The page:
Due diligence is an audit or investigation, which a company of the potential product or investment conducts. It reviews all financial records. It is a final precaution measure one undertakes, before entering into an agreement with another party. You have a set deadline to get out of the contract if your due diligence finds something materially wrong with the business. Because the seller is providing you with private corporate and financial information, be prepared to sign a nondisclosure or confidentiality agreement before receiving the documents.
The seller should provide you with audited financial statements and copies of bank statements for the business checking, savings and investment accounts for the past three years. Ask for copies of credit and loan agreements, notes payable, and any liens that have been filed against the company.
What looks good on paper may not be so impressive when seen in person. Plan to make at least one trip to inspect the business premises. Look at the overall condition of the building inside and out. Bring along a list of the fixed assets and equipment, inventory and supplies, office furniture, and fixtures the business owns. Verify that what’s on the list is physically there, functioning, and in good condition. Be sure to get copies of current business licenses and operating permits.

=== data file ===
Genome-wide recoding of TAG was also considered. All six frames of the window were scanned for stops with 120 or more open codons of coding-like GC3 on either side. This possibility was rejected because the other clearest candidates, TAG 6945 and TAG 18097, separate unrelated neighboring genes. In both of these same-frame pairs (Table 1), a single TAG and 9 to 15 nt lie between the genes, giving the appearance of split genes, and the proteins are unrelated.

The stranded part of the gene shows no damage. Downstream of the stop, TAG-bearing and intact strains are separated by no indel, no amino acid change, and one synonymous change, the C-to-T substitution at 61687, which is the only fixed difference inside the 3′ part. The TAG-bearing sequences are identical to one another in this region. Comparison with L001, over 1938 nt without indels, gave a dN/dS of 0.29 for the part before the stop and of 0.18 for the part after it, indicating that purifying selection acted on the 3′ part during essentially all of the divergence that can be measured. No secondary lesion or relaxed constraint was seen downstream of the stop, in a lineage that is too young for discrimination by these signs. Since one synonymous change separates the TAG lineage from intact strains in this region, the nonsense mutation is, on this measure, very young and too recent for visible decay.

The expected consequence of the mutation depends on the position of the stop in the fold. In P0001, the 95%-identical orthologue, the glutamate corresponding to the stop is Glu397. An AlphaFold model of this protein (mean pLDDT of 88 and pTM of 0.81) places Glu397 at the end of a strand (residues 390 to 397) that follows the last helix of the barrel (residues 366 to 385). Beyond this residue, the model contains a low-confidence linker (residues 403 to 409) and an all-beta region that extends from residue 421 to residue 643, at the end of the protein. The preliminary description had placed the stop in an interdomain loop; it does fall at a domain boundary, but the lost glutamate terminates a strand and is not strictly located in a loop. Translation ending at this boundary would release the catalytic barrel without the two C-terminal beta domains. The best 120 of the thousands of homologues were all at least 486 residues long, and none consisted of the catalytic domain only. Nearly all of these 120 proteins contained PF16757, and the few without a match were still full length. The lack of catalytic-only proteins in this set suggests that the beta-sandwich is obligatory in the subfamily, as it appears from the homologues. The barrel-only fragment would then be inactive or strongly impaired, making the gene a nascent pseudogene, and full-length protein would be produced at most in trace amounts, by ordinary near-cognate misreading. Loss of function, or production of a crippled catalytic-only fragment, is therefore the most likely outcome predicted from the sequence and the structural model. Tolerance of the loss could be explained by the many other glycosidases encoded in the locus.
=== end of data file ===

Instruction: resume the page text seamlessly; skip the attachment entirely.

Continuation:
Employee wages and benefits are substantial business expenses. Along with monthly payroll information, you’ll want to know about employer-sponsored retirement plans, health insurance benefits, and employee vacation and leave policies. Determine if there are any employment agreements or contracts in force. The employee handbook should be current and in compliance with federal and state employment laws. Verify the identity of key employees along with their payment and benefits package.
If sales or services are the lifeblood of the business, you’ll want to know how many products or services the business provides along with how the selling price is determined. You need to know how the products and services stack up against the competitors. Ask the seller how he sets his products or services apart from his competitors to attract and retain customers.